Ils ont fait l’histoire de la médecine d’urgence

Parmi les leaders d’opinion qui ont marqué l’histoire récente de la médecine d’urgence, et plus spécialement celle de la prise en charge de l’Arrêt Cardiaque, le Pr Jerry Nolan se distingue par sa rigueur scientifique et la qualité de ses travaux.

Rencontré lors d’un congrès, il a fort gentiment accepté de communiquer dans e-triage.
Nous laissons volontairement en anglais l’entretien qu’il nous a accordé.

Une vie consacrée à la médecine d’urgence et à l’anesthésie
A life dedicated to the emergency medicine and to the anesthesia
Professor Jerry P. Nolan FRCA FRCP FFICM FRCEM (Hon)


Jerry Nolan is a consultant in anaesthesia and intensive care medicine at the Royal United Hospital, Bath, UK and Honorary Professor of Resuscitation Medicine at the University of Bristol, UK. He trained at Bristol Medical School (MB ChB 1983) and undertook anaesthesia and critical care training in the UK in Plymouth, Bristol, Bath and Southampton, and at the Shock Trauma Center, Baltimore in the United States.

Jerry is Chairman of the European Resuscitation Council (ERC), past Chairman of the Resuscitation Council (UK), and the immediate past Co-chairman of the International Liaison Committee on Resuscitation (ILCOR). He received a Lifetime Achievement Award in Cardiac Resuscitation Science from the American Heart Association in 2016. Jerry is Editor-in-Chief of the journal Resuscitation.

Jerry’s research interests are in cardiopulmonary resuscitation, airway management, and post-cardiac arrest treatment – he has authored over 300 original papers, reviews and editorials on these topics. He is currently a co-investigator for two randomised controlled trials in out-of-hospital cardiac arrest in the UK: PARAMEDIC-2 – adrenaline versus placebo and AIRWAYS-2 – igel versus tracheal intubation.

Des articles qui font tous référence
Five most important papers
1. Nolan JP, Soar J, Cariou A, Cronberg T, Moulaert VRM, Deakin CD, Bottiger BW, Friberg H, Sunde K, Sandroni C. European Resuscitation Council and European Society of Intensive Care Medicine 2015 Guidelines for post-resuscitation care. Intensive Care Medicine 2015;41:2039–2056.
2. Soar J, Nolan JP, Böttiger BW, Perkins GD, Lott C, Carli P, Pellis T, Sandroni C, Skrifvars MB, Smith GB, Sunde K, Deakin CD; Adult advanced life support section Collaborators. European Resuscitation Council Guidelines for Resuscitation 2015: Section 3. Adult Advanced Life Support. Resuscitation 2015;95:100–147.
3. Nolan JP, Soar J, Smith GB, Gwinnutt C, Parrott F, Power S, Harrison DA, Nixon E, Rowan K, on behalf of the National Cardiac Arrest Audit. Incidence and outcome of in-hospital cardiac arrest in the United Kingdom National Cardiac Arrest Audit. Resuscitation 2014;85:987-992.
4. Nolan JP, Ferrando P, Soar J, Benger J, Thomas M, Harrison DA, Perkins GD. Increasing survival after admission to UK critical care units following cardiopulmonary resuscitation. Critical Care 2016;20:219.
5. Nolan JP, Neumar RW, Adrie C, Aibiki, Berg RA, MD, Böttiger B, Callaway C, Clark RSB, Geocadin RG, Jauch EC, Kern KB, Laurent I, Longstreth, Jr WT, Merchant RM, Morley P, Morrison LJ, Nadkarni V, Peberdy MA, Rivers EP, Rodriguez-Nunez A, MD, Sellke FW, Spaulding C, Sunde K, Vanden Hoek T. Post–Cardiac Arrest Syndrome. Epidemiology, pathophysiology, treatment, and prognostication. A Consensus Statement from the International Liaison Committee on Resuscitation; the American Heart Association Emergency Cardiovascular Care Committee; the Council on Cardiovascular Surgery and Anesthesia; the Council on Cardiopulmonary, Perioperative, and Critical Care; the Council on Clinical Cardiology; and the Stroke Council. Resuscitation 2008; 79: 350-79.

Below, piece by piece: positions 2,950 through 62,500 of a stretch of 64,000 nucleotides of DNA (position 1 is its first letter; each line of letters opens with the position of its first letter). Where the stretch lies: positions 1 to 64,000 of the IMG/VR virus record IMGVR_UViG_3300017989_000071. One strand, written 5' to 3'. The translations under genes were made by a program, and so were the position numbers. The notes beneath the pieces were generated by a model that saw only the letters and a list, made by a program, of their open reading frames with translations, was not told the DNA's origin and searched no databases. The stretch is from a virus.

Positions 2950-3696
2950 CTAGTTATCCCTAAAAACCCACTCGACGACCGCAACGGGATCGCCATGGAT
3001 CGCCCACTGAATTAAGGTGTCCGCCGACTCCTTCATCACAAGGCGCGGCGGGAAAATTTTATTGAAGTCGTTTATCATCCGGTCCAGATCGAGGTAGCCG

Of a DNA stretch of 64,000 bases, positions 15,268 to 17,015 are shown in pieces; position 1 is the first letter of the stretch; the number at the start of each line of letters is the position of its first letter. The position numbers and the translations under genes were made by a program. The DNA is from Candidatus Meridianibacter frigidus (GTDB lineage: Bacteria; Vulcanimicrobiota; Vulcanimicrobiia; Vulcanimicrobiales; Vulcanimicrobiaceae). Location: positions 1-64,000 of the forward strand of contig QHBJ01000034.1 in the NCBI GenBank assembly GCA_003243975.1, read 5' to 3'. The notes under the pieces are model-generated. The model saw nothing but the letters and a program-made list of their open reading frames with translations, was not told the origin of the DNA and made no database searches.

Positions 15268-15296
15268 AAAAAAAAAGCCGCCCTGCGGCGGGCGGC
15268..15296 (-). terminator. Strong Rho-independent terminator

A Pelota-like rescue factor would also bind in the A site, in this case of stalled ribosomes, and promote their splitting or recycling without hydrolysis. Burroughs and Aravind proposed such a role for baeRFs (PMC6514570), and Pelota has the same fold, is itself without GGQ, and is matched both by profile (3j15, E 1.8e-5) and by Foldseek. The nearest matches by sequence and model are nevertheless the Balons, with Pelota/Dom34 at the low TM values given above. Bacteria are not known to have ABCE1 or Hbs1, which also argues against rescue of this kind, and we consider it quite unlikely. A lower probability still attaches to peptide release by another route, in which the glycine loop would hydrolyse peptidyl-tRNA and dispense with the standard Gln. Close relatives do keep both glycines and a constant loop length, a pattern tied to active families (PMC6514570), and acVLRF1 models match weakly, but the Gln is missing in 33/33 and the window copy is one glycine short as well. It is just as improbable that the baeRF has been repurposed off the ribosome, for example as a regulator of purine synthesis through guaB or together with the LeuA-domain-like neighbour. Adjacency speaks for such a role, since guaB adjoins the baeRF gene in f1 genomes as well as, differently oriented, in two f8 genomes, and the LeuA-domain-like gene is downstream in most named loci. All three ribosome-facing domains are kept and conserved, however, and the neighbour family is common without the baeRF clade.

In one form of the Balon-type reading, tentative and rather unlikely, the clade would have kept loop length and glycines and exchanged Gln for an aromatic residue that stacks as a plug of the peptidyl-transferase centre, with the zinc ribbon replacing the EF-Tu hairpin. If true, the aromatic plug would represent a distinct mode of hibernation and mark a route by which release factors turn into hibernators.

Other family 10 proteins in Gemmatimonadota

Présent et futur de la prise en charge de l’Arrêt-Cardiaque en 7 questions
Present and future of the care of Cardiac Arrest in 7 questions

e-triage : What are the most important advances during the past 10 years concerning the care of a cardiac arrest?

Dr Nolan: Dispatcher-assisted CPR and public access defibrillation assisted with GPS technology in mobile phones and text alerts to volunteer first responders

e-triage : What is your opinion about chest compression-only CPR?

Dr Nolan: As part of a community response with dispatcher-assisted CPR, I strongly support compression-only CPR. Those who are trained to deliver conventional CPR should continue to do so.

e-triage : And what about continuous chest compression and passive oxygenation?

Dr Nolan: An interesting concept for which we have only observational data. We need prospective randomised data before we can make a firm treatment recommendation.

e-triage : Dr Boussignac proposes a specific device (b-card) to improve oxygenation putting a virtual valve as a resistance to the air-way. What do you think about that idea?

Dr Nolan: The idea is novel and I await prospective clinical data with great interest.

e-triage : In ACLS, which drug do you suggest as a first-line medication? Epinephrine? Amiodarone? Lidocaine? Vasopressine?

Dr Nolan: None of these until we have high-quality data from randomised controlled trials that show better long-term outcomes. Current guidelines recommend adrenaline in non-shockable rhythms and in shock-refractory VF/pVT. Although amiodarone is currently preferred in shock refractory VF/pVT it probably has no advantages over lidocaine.

e-triage: What about targeted temperature in the prehospital setting?

Dr Nolan: We should not use prehospital uncontrolled infusion of cold fluid, especially not before return of spontaneous circulation. We await the results of the PRINCESS trial to determine whether prehospital intranasal cooling is beneficial.

e-triage : What about the future goal to improve survival rate?

Dr Nolan: Increase bystander CPR rates, reduce time to defibrillation by extending PAD programmes, regionalise cardiac arrest care so that post-cardiac arrest interventions and prognostication can be optimised.